“The operation that thwarted the smuggling attempt was done based on information received from Israel, and at this time the containers are being checked by police which were called to the scene,” said a police report.

The containers were seized in Naples at 5 in the morning, Saturday, by undercover police agents.

Channel 10: Liberman Dropped Ayalon for Leaks

Wednesday, December 5th, 2012

Deputy Foreign Minister Danny Ayalon, was ousted from the Likud-Beiteinu Knesset list because party chairman Avigdor Liberman suspected him of leaking information to the daily Maariv.

A leak in Liberman’s world, commented the Channel 10 news reporter, is tantamount to betrayal, and so Ayalon did not get the graceful dismissal the two other dismissed members, MK Anastasia Michaeli and tourism minister Stas Misezhnikov received, when Liberman gave them the opportunity to resign on their own.

It should be noted that even after his quick and completely unexpected dumping (according to his Facebook page he heard about it  just moments before the rest of us did) – Ayalon would not say anything negative about his soon to be former boss. That kind of loyalty is rare in Israel’s volatile, dog eat dog politics, and attests to the love and warmth Liberman’s subordinates share for him.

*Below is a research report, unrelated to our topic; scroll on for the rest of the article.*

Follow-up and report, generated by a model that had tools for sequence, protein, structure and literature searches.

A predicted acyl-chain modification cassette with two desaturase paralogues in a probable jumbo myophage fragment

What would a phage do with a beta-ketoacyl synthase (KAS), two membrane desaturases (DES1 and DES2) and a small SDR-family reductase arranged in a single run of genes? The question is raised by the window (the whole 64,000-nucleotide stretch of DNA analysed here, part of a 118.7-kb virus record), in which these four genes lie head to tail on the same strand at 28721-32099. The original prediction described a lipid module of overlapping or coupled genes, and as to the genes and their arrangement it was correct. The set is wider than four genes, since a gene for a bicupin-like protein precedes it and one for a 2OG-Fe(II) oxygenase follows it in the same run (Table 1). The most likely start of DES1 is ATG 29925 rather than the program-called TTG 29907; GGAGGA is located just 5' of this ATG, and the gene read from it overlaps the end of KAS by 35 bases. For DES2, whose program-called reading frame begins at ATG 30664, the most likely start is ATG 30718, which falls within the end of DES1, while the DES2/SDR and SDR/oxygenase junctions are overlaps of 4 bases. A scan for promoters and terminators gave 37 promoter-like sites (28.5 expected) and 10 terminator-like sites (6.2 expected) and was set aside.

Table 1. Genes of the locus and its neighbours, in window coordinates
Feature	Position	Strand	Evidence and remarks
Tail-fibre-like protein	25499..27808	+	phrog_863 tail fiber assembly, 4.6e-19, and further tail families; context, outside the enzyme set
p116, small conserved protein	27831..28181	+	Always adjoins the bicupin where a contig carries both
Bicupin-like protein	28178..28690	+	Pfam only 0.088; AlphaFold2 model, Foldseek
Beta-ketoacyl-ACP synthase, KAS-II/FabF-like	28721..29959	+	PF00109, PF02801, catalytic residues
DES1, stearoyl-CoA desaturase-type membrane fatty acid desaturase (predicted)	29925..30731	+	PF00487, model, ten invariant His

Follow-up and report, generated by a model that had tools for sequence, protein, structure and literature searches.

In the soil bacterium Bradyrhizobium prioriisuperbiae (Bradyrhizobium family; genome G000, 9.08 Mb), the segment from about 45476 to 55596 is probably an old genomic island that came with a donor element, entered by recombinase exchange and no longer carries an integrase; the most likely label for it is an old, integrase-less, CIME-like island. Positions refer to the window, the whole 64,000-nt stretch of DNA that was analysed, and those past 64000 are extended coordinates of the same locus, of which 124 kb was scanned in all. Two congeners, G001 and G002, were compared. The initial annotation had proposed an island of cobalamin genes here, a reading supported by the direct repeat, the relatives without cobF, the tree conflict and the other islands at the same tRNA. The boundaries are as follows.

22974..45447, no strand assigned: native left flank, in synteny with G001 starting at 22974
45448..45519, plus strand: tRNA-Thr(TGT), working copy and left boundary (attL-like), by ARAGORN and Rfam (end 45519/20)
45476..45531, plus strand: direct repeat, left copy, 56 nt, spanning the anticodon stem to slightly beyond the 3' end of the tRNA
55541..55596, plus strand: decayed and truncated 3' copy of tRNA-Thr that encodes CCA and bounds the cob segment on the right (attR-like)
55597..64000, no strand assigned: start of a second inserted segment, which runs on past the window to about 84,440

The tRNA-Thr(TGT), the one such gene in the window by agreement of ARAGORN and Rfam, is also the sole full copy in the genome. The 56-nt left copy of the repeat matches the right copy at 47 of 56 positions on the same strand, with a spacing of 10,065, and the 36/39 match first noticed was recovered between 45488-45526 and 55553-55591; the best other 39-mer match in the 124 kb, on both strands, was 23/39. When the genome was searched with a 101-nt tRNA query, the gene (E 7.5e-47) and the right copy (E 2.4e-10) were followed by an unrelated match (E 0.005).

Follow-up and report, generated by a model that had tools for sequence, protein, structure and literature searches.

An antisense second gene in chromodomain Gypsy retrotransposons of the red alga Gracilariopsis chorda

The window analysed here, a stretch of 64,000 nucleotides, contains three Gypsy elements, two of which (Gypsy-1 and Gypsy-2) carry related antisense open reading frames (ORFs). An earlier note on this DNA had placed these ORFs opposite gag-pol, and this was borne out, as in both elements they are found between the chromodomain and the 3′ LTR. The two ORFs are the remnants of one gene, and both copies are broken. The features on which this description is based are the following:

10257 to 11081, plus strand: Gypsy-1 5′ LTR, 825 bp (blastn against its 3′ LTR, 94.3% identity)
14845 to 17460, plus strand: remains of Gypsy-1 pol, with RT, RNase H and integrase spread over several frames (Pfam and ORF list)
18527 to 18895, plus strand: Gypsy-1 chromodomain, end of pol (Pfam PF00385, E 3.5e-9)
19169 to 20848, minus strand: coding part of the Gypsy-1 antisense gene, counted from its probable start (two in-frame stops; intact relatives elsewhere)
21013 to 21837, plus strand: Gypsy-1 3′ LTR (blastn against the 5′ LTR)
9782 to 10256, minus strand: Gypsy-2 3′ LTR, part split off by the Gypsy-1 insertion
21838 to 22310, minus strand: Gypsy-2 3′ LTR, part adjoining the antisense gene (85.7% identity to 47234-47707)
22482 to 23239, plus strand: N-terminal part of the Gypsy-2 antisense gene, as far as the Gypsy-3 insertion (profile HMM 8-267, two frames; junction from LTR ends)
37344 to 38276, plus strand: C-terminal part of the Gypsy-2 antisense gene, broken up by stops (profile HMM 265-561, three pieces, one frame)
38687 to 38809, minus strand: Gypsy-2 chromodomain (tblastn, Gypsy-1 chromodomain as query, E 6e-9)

By the way, this was not Ayalon’s first instance of being fed some humble pie by his boss — about a year ago Liberman was so upset about something his deputy had released that he made sure the public knew that he, Liberman, rebuked Ayalon for his conduct.

If you love him, let him go…

Are We Suffering From an Information Overload? (Podcast)

Wednesday, December 5th, 2012

David Shenk, author of Data Smog and The Immortal Game, among other bestsellers, talks about the way that the world of data and information has changed in recent years. Are we now overwhelmed with information? And if so, how do we deal with it? Find out from this fascinating interview on the Goldstein on Gelt show.